Live shrimp, popping corks, crimped leaders and a snap swivel did the trick for specks on a windy day out of Delacroix.
The wind was blowing like the Seven Trumpets of Revelation.
I didn’t know if we’d catch any fish, but I knew we wouldn’t get lost.
After all, I was fishing with a famous cartographer: Roy Williams, who makes fishing maps and has the whole coast plotted out on his computer.
For years, he supplied the maps that Louisiana Sportsman writer Rusty Tardo’s articles were famous for. He’s also the guy who produced the fishing maps for the popular speckled trout book Trout Masters Too: How the Pros Do It.
That’s how I met him.
But it wasn’t pretty when we launched at Sweetwater Marina in Delacroix. However, the forecast at least called for the wind to drop at least a little.
I crossed my fingers.
At the wheel of the boat was Lenny Barrios, Williams’ lifelong friend since junior high school. The two 60-year olds are exiles from the New Orleans neighborhoods they grew up in, Williams to Metairie and Barrios to Meraux.
“I prefer to fish bass now,” said Barrios with an ‘I’ve got a Secret’ grin. “But we’ve been fishing speckled trout and redfish all our lives. At one time, bass fishing was taboo in New Orleans.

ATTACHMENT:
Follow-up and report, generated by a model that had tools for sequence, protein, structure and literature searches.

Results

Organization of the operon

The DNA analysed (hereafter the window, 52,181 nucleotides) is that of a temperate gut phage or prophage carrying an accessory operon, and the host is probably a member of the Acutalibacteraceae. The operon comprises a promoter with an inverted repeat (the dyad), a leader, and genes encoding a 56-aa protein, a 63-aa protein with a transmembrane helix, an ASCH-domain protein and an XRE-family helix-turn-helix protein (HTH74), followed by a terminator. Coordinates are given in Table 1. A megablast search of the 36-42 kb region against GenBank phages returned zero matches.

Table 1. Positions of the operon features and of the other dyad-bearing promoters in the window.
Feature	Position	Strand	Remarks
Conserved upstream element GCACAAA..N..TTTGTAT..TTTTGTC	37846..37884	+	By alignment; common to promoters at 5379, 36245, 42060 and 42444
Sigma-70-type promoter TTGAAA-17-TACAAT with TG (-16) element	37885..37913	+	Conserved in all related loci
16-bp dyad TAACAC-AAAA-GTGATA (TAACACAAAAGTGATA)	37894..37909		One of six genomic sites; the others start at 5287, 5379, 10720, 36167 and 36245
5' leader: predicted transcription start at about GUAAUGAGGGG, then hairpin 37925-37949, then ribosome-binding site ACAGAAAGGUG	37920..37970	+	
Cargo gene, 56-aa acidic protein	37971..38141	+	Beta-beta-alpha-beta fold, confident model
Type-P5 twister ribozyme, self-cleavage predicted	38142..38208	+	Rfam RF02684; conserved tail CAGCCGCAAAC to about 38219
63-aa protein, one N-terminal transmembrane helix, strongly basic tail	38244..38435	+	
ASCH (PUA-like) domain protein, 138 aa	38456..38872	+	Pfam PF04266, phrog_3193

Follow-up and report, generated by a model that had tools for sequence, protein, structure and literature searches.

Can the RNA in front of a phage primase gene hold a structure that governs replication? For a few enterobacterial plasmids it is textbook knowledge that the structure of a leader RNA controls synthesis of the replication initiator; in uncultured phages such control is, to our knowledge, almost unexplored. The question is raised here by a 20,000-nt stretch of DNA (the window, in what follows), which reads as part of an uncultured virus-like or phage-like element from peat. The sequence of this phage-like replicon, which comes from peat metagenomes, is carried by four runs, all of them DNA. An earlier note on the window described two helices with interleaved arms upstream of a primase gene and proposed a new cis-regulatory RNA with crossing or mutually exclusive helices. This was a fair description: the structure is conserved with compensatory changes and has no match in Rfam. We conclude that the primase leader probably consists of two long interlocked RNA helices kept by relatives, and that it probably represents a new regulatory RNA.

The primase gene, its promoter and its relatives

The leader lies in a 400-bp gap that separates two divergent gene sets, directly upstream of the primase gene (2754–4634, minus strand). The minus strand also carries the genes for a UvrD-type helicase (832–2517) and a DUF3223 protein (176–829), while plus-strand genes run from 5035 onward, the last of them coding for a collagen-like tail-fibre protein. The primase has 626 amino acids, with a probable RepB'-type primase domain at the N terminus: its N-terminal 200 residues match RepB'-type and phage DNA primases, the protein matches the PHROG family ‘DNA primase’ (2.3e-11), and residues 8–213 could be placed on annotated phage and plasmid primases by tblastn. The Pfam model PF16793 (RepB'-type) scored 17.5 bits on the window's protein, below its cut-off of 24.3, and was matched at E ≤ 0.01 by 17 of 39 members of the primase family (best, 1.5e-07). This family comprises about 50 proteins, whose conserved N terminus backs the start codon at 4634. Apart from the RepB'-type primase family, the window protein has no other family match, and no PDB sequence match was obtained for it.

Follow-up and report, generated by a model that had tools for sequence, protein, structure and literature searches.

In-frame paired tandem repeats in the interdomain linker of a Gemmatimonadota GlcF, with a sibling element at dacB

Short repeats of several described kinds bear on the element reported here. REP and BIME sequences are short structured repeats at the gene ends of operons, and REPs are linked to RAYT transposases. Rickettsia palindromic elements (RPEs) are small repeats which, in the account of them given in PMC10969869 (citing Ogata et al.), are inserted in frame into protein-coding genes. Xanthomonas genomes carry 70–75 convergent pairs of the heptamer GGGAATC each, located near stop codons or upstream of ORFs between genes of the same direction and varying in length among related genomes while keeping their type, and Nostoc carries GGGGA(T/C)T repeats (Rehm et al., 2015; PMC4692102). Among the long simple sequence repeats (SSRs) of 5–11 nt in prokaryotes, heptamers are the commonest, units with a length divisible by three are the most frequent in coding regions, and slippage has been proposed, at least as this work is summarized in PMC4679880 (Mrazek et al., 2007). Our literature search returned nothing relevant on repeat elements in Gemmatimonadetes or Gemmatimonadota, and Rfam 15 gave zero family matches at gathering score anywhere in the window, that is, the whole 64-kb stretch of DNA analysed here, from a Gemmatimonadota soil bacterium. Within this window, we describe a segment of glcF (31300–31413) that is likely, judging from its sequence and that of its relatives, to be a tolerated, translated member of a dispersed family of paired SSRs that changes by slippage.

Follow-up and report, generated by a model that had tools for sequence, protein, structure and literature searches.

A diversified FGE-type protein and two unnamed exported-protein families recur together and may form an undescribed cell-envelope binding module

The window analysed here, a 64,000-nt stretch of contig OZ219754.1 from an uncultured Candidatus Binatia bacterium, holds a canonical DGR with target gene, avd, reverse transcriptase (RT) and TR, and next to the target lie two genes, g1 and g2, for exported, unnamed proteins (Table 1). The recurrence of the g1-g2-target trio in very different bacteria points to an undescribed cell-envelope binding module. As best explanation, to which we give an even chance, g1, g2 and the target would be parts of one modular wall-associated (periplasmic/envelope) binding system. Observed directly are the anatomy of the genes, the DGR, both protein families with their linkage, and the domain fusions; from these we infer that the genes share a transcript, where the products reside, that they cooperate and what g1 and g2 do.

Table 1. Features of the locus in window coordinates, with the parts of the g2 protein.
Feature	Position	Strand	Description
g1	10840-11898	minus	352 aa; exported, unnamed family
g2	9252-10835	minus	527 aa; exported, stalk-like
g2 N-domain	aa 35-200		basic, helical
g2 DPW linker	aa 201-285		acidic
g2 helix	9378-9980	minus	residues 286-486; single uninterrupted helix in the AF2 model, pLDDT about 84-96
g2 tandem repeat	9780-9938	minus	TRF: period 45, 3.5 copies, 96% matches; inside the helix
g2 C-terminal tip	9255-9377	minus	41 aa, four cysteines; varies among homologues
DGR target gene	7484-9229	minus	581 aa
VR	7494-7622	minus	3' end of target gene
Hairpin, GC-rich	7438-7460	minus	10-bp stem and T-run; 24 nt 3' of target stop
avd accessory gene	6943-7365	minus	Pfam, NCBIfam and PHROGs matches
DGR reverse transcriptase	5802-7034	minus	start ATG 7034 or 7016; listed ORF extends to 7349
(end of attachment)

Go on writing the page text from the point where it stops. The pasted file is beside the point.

“They were trash fish. People didn’t fish a lot of green trout. They were considered ‘northern fish.’”
“We had so much saltwater around us that we didn’t bother with fresh water,” agreed Williams. “Lenny got me started on bass. He thinks that he still has me in training.”
The pair started fishing as young men in Lake Catherine and Unknown Pass. Also, Barrios’ family owned a camp in Buras and they did a lot of weekend fishing trips there.
“Now we fish a lot out of Bayou Bienvenue and Bayou Thomas,” said Williams. “This time of year it’s down here — the inner marshes of Delacroix.”
“Fishing out of Delacroix in November and December is excellent,” agreed Barrios. “Good bottom fishing with soft plastics.”
“The average size trout is bigger here than in the summer, when the bigger fish are outside. And there are less gnats and bugs to put up with, too,” laughed Williams.
Tactics for the wind